That’s the kind of innovation that keeps Walletex ahead of the game, and enables this Israeli company to continue to thrive. By constantly upgrading its consumer-based products, Walletex has moved up the ladder from a manufacturer of commodity consumer goods to become a developer of high-tech security devices. And as a result, Walletex counts dozens of international companies and organizations among its customers.

Over the past year or so Walletex has increased its sales to the extent that it is no longer in need of support from IBDA (established in 1994, IBDA does over $7 million in sales annually), and is making it on its own.

Protection for health records and your MP3

Dahan reveals that some of the company’s most successful products resulted from the brainstorming of the 20 plus engineering and development staff working out of the company’s Rishon Lezion headquarters, Israel’s fourth-largest city located on the central coastal plain.

They came up with the Medicard, which stores health records securely and safely, and enables users to comfortably carry important medical information right in their wallets, for use by doctors and hospitals in case of medical emergency.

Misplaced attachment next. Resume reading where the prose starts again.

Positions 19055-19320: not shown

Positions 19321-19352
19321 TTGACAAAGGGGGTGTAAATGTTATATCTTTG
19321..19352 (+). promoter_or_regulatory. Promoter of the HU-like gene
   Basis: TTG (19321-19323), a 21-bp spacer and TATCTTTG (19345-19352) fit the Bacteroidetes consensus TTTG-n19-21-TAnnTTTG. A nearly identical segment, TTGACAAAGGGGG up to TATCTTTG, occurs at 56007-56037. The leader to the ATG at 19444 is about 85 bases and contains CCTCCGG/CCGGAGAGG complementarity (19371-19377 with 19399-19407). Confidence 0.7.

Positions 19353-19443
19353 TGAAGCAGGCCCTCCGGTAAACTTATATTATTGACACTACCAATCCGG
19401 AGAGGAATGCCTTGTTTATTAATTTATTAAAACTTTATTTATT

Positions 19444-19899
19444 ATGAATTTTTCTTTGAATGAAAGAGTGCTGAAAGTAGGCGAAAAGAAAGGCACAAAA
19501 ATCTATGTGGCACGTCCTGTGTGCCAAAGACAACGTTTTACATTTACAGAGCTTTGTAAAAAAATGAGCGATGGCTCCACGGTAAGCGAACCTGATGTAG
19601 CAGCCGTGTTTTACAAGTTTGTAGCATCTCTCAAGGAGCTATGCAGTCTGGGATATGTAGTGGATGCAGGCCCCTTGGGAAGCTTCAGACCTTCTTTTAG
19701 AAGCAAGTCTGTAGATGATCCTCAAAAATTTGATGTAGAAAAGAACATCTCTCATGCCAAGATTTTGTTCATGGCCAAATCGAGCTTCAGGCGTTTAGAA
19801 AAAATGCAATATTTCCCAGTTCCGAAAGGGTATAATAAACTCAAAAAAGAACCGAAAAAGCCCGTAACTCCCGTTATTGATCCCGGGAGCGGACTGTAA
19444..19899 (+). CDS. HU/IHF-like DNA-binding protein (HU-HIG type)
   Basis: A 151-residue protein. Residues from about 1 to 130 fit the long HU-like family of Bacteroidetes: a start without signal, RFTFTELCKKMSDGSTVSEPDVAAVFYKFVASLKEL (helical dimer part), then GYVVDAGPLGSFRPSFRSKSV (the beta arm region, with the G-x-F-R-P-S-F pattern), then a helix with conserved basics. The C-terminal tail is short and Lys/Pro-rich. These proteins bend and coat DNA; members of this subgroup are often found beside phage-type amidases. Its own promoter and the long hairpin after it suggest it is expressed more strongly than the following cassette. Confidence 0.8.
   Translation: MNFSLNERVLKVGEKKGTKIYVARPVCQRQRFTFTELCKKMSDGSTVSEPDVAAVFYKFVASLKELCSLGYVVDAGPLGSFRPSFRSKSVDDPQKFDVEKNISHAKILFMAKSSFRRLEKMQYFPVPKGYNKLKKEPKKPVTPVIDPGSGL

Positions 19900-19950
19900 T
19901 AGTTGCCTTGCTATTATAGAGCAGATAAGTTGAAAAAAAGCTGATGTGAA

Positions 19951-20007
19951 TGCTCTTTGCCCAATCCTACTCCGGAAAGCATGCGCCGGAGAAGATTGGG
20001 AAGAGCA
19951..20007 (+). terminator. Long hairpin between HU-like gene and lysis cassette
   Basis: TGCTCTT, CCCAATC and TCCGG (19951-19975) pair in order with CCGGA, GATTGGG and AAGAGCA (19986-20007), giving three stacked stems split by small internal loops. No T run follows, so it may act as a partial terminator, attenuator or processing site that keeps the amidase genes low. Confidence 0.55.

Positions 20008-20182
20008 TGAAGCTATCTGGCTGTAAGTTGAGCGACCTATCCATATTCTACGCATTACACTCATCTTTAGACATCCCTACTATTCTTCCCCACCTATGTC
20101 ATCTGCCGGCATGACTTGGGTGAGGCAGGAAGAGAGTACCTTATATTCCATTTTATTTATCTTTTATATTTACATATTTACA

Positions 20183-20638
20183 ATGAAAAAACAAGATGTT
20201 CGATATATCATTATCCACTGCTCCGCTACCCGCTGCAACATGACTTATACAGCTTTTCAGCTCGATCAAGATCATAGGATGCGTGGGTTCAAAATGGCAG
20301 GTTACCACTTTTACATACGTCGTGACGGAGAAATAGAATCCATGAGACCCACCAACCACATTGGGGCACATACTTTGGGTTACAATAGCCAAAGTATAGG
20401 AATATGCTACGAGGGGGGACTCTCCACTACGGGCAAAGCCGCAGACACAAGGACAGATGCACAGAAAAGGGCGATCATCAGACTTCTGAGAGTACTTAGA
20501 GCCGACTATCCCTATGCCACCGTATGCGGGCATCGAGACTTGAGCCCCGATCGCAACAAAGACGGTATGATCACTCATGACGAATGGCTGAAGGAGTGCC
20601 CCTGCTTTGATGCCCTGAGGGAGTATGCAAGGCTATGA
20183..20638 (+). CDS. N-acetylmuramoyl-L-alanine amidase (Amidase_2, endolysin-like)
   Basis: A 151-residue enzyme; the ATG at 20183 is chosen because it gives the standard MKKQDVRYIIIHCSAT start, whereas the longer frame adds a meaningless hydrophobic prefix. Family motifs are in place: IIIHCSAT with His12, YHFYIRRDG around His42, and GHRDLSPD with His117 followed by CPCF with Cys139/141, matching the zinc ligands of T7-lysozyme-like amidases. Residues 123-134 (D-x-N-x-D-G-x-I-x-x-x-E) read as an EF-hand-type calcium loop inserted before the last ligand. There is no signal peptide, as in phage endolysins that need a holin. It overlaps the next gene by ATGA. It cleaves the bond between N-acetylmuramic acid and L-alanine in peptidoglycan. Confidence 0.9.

Security, of course, is paramount for medical record cards so given Walletex’s commitment to security, creating such a card was a natural development. And Dahan says that the company is set to announce a huge deal in the coming months. A large European health maintenance organization has chosen the Medicard to store and update health records for its customers.

The Musicap came about after one of the company’s employees complained about how his MP3 player was inconvenient to use. As a result, Walletex built-in the controls for the music player into the front of the cap, enabling users to easily reach up and adjust the volume while running or biking. The cap is waterproof, so if you’re caught in a sudden thunderstorm, you don’t have to worry about zapping your player.

Established in 2005, Walletex has sales offices in the US and Japan, and a liaison office in China (where the devices are assembled). But design and development are located in Israel – a rare exception in the world of consumer (and increasingly professional security) electronics, which for the most part decamped eastward from the US and Europe decades ago.

“It just shows that you can remain competitive and ahead of the curve if you innovate, and sell that innovation,” Dahan asserts. “Of course competing in this area is tough, but we’re confident we can keep growing, as long as we supply the products and technology our customers can’t get elsewhere.”